Are you a lighting engineer? Have you been doing this job for more than five years? Well the chances are that you probably don't even recognise the work you do now if you compare it to when you first started.
The electrical lighting industry has witnessed a huge amount of change and with it so have the type of jobs generated by the demands of our industry, probably none more so than the role of the lighting engineer.
In a previous life the lighting engineer was a champion of lighting standards within the local authority by whom he was employed. There was more than likely just one way of doing things and that had been the same for a lengthy period of time. He was a man who knew what he was doing day in and day out and able to plan out workload well into the future.
Jump forward to 2013. In this age of austerity measures and necessary cost cutting, the lighting engineer has to manage resources. He must understand the implications of budget cuts and act accordingly. He must ration services and use systems that make the most of part-night lighting to make sure that he stays within the prescribed budgets. In short, instead of being consulted as to what the best solution to an issue or problem may be, the engineers are being given a budget and being told what needs to be done.
All this comes at a time of massive technology changes and technical complexity. The one set method of doing things has evolved and there are many different solutions that can be applied to each problem.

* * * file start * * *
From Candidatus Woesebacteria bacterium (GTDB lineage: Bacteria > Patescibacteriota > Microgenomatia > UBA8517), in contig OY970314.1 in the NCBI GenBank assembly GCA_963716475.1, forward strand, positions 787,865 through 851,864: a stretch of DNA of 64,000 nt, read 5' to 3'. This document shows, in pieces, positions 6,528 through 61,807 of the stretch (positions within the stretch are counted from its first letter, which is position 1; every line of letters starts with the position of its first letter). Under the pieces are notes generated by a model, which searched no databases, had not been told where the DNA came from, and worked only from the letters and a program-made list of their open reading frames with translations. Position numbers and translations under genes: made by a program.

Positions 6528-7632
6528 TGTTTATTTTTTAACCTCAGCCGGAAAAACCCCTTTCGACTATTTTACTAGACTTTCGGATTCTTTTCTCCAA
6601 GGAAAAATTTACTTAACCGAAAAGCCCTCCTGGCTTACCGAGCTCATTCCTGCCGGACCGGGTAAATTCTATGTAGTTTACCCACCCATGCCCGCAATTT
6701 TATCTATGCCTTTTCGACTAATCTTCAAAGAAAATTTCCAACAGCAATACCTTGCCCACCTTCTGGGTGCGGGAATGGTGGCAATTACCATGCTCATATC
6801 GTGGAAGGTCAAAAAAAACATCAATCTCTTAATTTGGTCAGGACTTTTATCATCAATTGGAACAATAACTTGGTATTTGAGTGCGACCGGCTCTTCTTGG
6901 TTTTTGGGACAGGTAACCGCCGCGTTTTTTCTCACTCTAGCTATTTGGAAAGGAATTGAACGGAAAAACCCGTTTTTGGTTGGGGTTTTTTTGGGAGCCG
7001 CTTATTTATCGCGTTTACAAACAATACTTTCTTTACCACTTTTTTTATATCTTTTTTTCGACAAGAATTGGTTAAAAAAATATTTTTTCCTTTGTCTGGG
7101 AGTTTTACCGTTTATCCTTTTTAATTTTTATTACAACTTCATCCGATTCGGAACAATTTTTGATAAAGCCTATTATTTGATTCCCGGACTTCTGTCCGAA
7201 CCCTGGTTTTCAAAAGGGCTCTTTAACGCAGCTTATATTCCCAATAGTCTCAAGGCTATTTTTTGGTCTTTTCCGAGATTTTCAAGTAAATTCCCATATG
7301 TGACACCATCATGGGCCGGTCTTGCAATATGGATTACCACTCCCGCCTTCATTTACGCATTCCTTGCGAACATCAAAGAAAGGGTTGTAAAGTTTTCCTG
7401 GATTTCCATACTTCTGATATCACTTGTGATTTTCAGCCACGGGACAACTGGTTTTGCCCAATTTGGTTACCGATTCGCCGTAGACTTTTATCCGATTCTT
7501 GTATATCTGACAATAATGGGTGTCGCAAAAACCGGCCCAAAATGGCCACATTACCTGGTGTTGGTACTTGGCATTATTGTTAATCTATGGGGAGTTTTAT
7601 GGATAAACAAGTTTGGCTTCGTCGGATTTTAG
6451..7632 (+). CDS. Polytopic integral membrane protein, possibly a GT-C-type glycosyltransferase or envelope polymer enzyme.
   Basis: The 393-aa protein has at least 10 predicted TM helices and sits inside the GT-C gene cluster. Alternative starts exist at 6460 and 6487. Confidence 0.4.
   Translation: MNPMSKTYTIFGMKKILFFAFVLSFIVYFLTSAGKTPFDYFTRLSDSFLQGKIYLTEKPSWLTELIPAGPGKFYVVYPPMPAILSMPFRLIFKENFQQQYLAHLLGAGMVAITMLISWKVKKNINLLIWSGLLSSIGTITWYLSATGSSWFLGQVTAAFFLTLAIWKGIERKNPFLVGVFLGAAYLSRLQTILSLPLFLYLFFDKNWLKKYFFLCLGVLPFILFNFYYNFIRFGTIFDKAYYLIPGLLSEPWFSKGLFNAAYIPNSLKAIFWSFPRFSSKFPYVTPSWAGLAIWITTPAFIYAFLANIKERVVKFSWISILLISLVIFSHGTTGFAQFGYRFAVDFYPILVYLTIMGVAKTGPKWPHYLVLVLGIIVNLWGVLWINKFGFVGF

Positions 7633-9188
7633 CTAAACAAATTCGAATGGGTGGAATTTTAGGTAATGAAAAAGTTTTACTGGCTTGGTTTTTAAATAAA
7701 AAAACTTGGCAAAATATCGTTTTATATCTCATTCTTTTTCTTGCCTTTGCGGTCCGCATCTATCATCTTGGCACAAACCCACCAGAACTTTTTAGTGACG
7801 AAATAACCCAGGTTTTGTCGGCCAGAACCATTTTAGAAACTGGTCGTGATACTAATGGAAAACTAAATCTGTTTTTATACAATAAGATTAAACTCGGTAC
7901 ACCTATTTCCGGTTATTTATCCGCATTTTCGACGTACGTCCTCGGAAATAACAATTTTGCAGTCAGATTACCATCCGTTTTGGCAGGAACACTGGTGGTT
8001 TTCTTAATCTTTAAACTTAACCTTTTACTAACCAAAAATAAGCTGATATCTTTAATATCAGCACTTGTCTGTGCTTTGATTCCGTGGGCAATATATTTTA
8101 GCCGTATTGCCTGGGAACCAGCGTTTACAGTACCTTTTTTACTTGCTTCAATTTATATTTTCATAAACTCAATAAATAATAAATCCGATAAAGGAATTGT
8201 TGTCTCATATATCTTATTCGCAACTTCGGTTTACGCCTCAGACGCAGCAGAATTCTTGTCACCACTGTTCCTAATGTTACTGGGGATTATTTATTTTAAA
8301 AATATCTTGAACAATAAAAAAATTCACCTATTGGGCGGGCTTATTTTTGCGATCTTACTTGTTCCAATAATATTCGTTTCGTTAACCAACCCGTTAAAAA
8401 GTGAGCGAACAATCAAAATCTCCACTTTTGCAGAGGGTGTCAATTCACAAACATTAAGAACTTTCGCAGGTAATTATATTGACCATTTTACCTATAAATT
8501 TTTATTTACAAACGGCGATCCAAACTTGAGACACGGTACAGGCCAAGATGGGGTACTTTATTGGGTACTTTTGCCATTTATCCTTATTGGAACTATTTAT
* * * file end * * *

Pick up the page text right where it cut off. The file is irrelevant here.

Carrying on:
Getting to grips with new technology such as Central Management Systems (CMS) and new light sources "from low pressure sodium to high pressure sodium and onto white light discharge and LEDS" means that work has to be managed in a new way and it can be difficult to keep up with the implications of this change. It requires a new way of thinking and a new way of working.
Combine all of this with the fact that very often the management team will be structured in a different way to that previously. Whole tiers of management have been removed which often means that the Executive is making ill informed decisions. There is no malice in this process, simply that the people that were once consulted with regards to street lighting issues are no longer there, leaving decisions to be made by managers unfamiliar with the issues.
Street lighting itself now often comes within the jurisdiction of the Highways team. Understandably the majority of their focus is on maintaining the infrastructure of our roads from managing potholes, accidents and incidents through to winter gritting schedules. Street lighting forms a very small cog within this process and the lighting engineer will need to battle to make his voice heard.
Indeed it is this change that may prompt a new way of training our future lighting engineers. Instead of holding a qualification in street lighting, the next generation of engineers may hold a combined role, no longer solely lighting but instead highways engineers.
So all change for our street lighting engineers? Well yes, and more of the same to come. Technology continues to move forward I do believe it will plateau at some time in the future. Until this time education providers need to review the qualifications and training courses being offered for those who want to enter our industry. Councils and employers also have a responsibility to review the support and training given to existing staff far better for your business to nurture and develop your current team than to give up on them and start again.